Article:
- Contributed by
- People in story:
- Albert Henry Powell
- Location of story:
- Dunkirk France
- Background to story:
- Article ID:
- Contributed on:
- 12 November 2003
I was a lorry driver in the Royal Signals and had been in France since January 1940. Our unit was attached to the 3rd Corps, Medium Artillery HQ. At the start of the German invasion of Belgium we were moved there, to a village near Contrai [sic], to set up a signal station. On the surrender of the Belgian army we started to retreat, eventually getting to Poperinge, where it all started on 24 May.
Every man for himself
While in Poperinge we were heavily dive bombed and lost our OC, the officer commanding. We then started to drive towards Berques, but before we got there we were stopped at a crossroads by military police and told to get to Dunkirk. They told us it was every man for himself.
Further along the road we were stopped again and told to dump the lorry and go to the beaches at La Panne and proceed on foot. By this time our unit was gradually getting split up, so by the time we got to La Panne there were only four of us together in a chaotic situation.
Huddled together on the beaches
On the beaches we huddled together in the sand dunes for protection from the constant bombing and machine gunning from the air. The bombing was ineffectual, just blowing up loads of sand, but the machine gunning was another matter.
Lying across the scene was a huge cloud of smoke coming from the oil tanks on fire in Dunkirk.
Shot for jumping the queue
After a time, actually at dawn the next day, we were marshalled in groups of 50, under an officer or senior non-commissioned officer (NCO), and marched down to the water’s edge. A beach master, who called each group in turn, maintained discipline there. I saw one group run out of line, and the person in charge was promptly shot by the beachmaster.
Owing to the shallow draft of the beach the embarking drill was to get into a rowing boat or whaler first, which took us to a launch lying a distance off shore. This, in turn, took us to the larger vessels lying further off.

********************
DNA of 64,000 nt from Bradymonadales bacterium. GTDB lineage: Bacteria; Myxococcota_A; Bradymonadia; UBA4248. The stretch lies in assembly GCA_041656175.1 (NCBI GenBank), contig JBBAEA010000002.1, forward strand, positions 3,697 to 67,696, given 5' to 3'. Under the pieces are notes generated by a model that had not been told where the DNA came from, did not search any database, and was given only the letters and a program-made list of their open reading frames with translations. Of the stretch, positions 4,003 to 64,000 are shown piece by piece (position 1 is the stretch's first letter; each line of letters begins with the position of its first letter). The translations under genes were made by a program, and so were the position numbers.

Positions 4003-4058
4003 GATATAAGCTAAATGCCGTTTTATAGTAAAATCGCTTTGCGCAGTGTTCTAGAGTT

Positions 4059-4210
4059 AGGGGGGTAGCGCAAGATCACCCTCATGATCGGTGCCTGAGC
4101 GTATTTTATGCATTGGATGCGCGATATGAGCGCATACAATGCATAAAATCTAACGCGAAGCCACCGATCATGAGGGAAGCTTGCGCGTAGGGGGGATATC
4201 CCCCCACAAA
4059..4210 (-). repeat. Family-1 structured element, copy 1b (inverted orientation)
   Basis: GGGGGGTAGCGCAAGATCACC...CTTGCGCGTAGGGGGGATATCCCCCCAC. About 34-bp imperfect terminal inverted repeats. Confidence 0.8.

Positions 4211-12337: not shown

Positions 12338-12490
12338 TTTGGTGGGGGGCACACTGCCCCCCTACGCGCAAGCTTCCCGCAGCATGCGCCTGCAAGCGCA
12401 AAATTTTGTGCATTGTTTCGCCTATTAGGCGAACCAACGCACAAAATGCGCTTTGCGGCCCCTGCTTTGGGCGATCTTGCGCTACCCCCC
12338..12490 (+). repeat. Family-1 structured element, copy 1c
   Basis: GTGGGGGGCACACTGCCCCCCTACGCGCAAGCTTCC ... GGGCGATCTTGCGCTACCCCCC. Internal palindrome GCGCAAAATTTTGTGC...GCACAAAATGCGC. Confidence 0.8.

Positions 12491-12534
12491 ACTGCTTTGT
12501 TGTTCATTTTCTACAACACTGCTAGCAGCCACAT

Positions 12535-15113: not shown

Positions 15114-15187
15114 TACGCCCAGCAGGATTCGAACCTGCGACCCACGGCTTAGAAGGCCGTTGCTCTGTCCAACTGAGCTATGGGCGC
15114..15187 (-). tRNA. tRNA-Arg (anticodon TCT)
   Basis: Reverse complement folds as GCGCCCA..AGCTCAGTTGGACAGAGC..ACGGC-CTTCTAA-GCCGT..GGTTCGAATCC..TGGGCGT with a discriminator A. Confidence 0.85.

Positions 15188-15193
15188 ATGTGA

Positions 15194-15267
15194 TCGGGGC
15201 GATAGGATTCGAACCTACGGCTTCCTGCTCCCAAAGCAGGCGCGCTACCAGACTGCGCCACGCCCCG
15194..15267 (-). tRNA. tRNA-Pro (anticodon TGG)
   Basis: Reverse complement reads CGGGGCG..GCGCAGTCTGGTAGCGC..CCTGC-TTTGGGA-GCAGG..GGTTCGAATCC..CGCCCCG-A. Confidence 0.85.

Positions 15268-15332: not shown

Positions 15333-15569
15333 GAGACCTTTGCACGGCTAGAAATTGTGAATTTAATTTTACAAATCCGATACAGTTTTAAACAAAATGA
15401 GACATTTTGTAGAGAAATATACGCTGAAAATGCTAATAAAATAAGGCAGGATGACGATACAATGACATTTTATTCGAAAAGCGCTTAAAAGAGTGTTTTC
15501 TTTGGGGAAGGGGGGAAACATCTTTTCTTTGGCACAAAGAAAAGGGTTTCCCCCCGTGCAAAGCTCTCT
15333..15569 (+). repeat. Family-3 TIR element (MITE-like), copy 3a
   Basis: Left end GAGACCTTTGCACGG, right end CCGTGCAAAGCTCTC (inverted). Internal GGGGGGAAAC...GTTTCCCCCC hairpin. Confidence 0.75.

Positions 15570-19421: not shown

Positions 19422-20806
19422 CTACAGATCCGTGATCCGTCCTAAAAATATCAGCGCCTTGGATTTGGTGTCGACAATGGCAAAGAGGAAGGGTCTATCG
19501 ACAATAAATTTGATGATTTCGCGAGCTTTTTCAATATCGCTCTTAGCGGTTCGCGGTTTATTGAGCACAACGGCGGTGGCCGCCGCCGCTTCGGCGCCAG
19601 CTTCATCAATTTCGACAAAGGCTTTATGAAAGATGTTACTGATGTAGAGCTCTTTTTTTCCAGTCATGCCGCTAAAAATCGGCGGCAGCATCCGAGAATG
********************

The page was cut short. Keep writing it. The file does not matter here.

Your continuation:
In the drink
On the way to the bigger ships the launch I was in was bombed. We didn't suffer a direct hit, though it was close enough to swamp the boat, and I found myself in the drink. It was a good job I could swim.
Having divested myself of my pack and so forth, I surfaced and looked around. I saw the ship was closer than the shore, so I struck out for it, a paddle steamer converted to minesweeper named the Medway Queen. After swimming approximately 50 yards, I arrived at the ship completely knackered and found myself hauled aboard.
Army-club fags and cocoa
Having only soaked fags, a squaddy came to my rescue and gave me a packet of army club. Later, one of the crew handed out cocoa, which was much appreciated.
When we had our full complement, we started to cross towards England. After a few scares from air attack, we arrived at Ramsgate. It was a good job it was a fine day because that way my clothes had been able to dry on me.
Cheers, and egg and chips
We disembarked and proceeded towards London with people cheering us on our way. We didn't deserve the cheers, but if anyone did it was the navy for getting us out.
The Women’s Voluntary Service (WVS) came to the rescue again, when we finally arrived at Devizes in the middle of the night on 2 June 1940. We were given two eggs and chips, and then kipped down in the gym on a mattress on the floor.
In the night we had a short arm inspection. I’d never seen anything so funny in all my life as that roomful of naked men standing at the foot of their beds. As the MD came round with his pencil, they collapsed back into their bunks.
A change of clothes and a pint
After two or three days in barracks we were gradually returned to our units.
The Signals were being reformed at Rhyl. There, at last, I was able to exchange my salt-encrusted battle dress and get a hat, so I could go out on the streets again and have a pint.
A new life for both of us
As a sequel to this, while on holiday with my family in 1958 on the Isle of Wight, imagine my surprise when I came across the Medway Queen. The former paddle steamer turned minesweeper was anchored on the Medina river, being used as a floating restaurant. Unfortunately, it was closed so we could not get aboard.
Sadly, she was to become nothing more eventually than a rotting hunk lying at berth in the Medway.
My father, who died last year, wrote this account of Dunkirk in 1998. I believe that the Medway Queen is finally being restored.
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